Turkey is proposing new crypto industry rules. The news comes on the heels of the sudden failure of two cryptocurrency exchanges a couple of days earlier.
The failure of Thodex and Vebitcoin, two of Turkey’s most prominent cryptocurrency exchanges, was a major hit to countless cryptocurrency investors in Turkey, who were not able to access funds worth millions of dollars in cryptos after the exchanges declared bankruptcy last week.
According to an official familiar with the situation, the government intends to establish a centralized custodian bank to eliminate counterparty behavior.
According to the official, authorities are looking into how to establish a capital threshold for cryptocurrency exchanges as well as education standards for executives in those companies.
The authorities intend to finish the preparations for a regulatory structure in the coming weeks, and the initiative is said to include prominent government institutions.
Uncertainty About Turkey’s Cryptocurrency Policy
It has been a lousy month for Turkey’s cryptocurrency sector. The Central Bank of Turkey issued a ban on the use of cryptos for payment of goods and services on April 16. The central bank warned that transactions involving cryptocurrencies posed “irrevocable risks.”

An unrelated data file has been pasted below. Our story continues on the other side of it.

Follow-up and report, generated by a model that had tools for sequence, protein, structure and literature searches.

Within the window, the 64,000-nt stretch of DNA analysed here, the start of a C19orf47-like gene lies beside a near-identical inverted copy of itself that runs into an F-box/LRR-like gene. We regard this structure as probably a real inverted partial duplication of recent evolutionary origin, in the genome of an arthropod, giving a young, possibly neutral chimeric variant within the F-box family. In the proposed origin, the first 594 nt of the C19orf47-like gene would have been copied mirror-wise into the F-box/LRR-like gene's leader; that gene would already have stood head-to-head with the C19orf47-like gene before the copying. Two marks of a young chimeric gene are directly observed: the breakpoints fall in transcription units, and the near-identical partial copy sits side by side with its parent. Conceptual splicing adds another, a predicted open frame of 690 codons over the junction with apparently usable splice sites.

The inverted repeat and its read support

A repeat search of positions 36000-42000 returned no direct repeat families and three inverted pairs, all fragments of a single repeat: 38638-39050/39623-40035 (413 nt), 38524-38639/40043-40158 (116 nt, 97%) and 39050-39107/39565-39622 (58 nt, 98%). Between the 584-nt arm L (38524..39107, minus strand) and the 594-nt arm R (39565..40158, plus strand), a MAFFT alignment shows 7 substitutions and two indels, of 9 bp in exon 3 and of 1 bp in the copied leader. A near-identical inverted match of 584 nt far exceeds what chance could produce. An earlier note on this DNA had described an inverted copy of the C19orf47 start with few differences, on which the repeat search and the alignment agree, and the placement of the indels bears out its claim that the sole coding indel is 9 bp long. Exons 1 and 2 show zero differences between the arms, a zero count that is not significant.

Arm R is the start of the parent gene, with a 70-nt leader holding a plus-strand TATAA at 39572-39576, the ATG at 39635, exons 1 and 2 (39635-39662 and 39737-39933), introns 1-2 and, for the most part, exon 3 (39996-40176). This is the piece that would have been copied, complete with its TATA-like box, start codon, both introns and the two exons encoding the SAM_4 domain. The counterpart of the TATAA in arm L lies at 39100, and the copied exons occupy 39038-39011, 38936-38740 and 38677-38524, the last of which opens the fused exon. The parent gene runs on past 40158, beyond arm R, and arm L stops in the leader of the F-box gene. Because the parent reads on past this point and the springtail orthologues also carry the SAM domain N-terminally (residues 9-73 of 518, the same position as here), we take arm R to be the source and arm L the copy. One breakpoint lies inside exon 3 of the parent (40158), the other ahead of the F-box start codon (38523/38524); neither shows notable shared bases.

The ban will go into effect on April 30.
Last Thursday, the Istanbul-based Thodex cryptocurrency exchange ceased trading operations, leaving more than 390,000 active customers without access to their funds.
The next day, Vebitcoin announced that it had ceased operations, highlighting financial constraints.
Vebitcoin chief executive officer IIker Bas and three other employees were arrested and are now being investigated as part of a larger fraud inquiry.
Police have also had a manhunt for Thodex chief executive officer and founder Faruk Ozer, who is said to have fled to Albania with approximately $2 billion in customer funds. Interpol released a red notice for Ozer’s arrest warrant after Turkish authorities requested it.
On Friday the past week, Turkey’s Central Bank governor, Sahap Kavcıoğlu, reported that the finance ministry and the Treasury are working on broader regulation of crypto assets, but that the bank does not plan to ban them.
The chaos comes at a time when Turkey’s already burgeoning crypto boom has gained traction in the last year. Many people have used cryptos to secure their savings from the Turkish Lira’s depreciation and to hedge against inflation.
As of now, there are an estimated five million active cryptocurrency users in Turkey. According to CoinGecko.com, the regular trading volume of Turkish cryptocurrency markets in the last 24 hours was reported to be approximately $1.6 billion.